Nicolas Cheng. New PhD student in Crafts at HDK

Interview  /  Artists
Published: 03.03.2015
Nicolas Cheng. New PhD student in Crafts at HDK.
Jennie Larsson
Edited by:
HDK, School of Design and Crafts, University of Gothenburg
Edited at:
Edited on:
Nicolas Cheng. Chinoiseries, gold plated cloisonné, black nickel stainless steel
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Nicolas Cheng. Chinoiseries, gold plated cloisonné, black nickel stainless steel

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After working in many contexts of the crafts, art and design fields, his focus has shifted towards research and teaching. Nicolas Cheng has started his Crafts Doctoral Studies at HDK, School of Design and Crafts, University of Gothenburg.
- The PhD will allow me to expand and deepen my research quest within and outside the institution. My aim will be to root my position in crafts while at the same time working interdisciplinary across areas of interest -such as digital technology, anthropology and material culture- that have always been the base of my practice, and to develop new methods and processes that may be of relevance to the wider audience and international community of crafts, art and design, says Nicolas Cheng.

He was born 1982 in Hong Kong but has lived in Europe for several years. He first moved to London to study Interior Architecture and there he subsequently enrolled for a Bachelor in Design at the Design Academy Eindhoven, in Holland. Upon graduation, in 2007 he spent a year as Artist in Residence at FABRICA in Treviso, Italy.

- That's when I decided to continue my studies and I moved to Sweden of all places for a Master's Degree in Jewellery and Corpus at Konstfack, where I graduated in 2010.

He was first drawn to Sweden because of the modernist design and craft heritage. After staying in London and Holland he felt that moving here was an opportunity to reflect on and expand his practice in a new context.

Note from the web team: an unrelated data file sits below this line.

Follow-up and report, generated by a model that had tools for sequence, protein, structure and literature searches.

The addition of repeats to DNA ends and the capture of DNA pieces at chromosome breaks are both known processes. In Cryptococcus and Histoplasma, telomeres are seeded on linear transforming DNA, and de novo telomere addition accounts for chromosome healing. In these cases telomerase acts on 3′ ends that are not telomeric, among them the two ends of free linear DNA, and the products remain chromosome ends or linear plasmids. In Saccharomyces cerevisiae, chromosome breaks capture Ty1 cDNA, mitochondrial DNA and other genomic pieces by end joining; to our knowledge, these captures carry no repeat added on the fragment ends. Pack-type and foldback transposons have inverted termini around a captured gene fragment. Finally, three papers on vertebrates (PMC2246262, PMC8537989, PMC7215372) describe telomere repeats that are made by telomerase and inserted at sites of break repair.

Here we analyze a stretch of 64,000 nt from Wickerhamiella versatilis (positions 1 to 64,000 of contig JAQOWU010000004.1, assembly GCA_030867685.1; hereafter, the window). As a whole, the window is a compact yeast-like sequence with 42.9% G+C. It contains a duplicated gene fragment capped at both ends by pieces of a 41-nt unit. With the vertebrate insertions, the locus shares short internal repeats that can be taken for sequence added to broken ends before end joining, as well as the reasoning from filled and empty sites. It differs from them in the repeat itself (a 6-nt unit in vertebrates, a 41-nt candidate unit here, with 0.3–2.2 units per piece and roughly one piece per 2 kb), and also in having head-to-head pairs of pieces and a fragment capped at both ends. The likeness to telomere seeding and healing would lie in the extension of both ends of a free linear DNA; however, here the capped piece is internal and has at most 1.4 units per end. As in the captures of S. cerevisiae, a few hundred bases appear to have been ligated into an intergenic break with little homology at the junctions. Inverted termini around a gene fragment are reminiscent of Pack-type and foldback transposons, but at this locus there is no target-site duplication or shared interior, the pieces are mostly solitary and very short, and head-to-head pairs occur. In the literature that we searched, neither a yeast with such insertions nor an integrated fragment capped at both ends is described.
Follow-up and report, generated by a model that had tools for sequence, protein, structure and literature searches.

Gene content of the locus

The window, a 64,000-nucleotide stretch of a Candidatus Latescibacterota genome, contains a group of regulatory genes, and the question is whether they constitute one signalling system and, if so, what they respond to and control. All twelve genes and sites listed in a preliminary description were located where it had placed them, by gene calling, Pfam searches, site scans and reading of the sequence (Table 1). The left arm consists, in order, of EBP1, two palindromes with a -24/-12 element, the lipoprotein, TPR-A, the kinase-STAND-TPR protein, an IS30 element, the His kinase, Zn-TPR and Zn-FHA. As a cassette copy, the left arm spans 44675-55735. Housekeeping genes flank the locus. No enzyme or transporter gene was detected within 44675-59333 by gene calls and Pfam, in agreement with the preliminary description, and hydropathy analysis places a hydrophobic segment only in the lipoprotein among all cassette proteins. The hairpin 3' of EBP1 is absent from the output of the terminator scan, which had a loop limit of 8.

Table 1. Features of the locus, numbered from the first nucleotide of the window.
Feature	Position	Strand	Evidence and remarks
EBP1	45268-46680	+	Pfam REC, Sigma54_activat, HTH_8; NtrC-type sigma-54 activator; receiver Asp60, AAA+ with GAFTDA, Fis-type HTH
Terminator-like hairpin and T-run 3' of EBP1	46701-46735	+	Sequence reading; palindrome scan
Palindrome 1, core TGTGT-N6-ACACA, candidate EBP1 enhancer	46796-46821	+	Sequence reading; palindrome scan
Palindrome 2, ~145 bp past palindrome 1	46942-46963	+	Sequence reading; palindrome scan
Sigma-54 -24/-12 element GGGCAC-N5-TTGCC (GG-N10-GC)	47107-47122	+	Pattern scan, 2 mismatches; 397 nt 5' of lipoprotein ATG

- Geographically, Sweden also felt more refreshing to me, because of Sweden’s position of not being at the center of Europe, and yet being very active from an artistic and creative viewpoint. I am still here because the possibilities offered me to develop and critically frame my practice as a researcher and maker.

In Sweden he discovered a very much alive discourse on “Konsthantverk”.

- That has radically influenced my way of thinking through crafts, motivating me, through my practice, to challenge crafts’ very values and boundaries, techniques, methods and context. Since then, and because of my multi-disciplinary, intercultural background, my artistic and professional development has been imbued with an openness towards contamination among disciplines and an elastic attitude as a maker.

Nicolas Cheng’s research as a PhD will focus on defining what the environment of crafts is today – physically but also virtually – and what it could be like in the future. He will particularly analyse case-studies representative of spaces, methods and contexts of making and displa where crafts not only co-exists with digital technology, but also how crafts can be preserved, enhanced and passed on through technology.

- The research has also the aim of exploring and challenging conventions of value, space, origin and site specifics of crafts. The relationship between traditional forms of crafts and technology is central to the project, particularly as it provides the room to reflect on the (de)construction of national identity and on issues of authorship and ownership.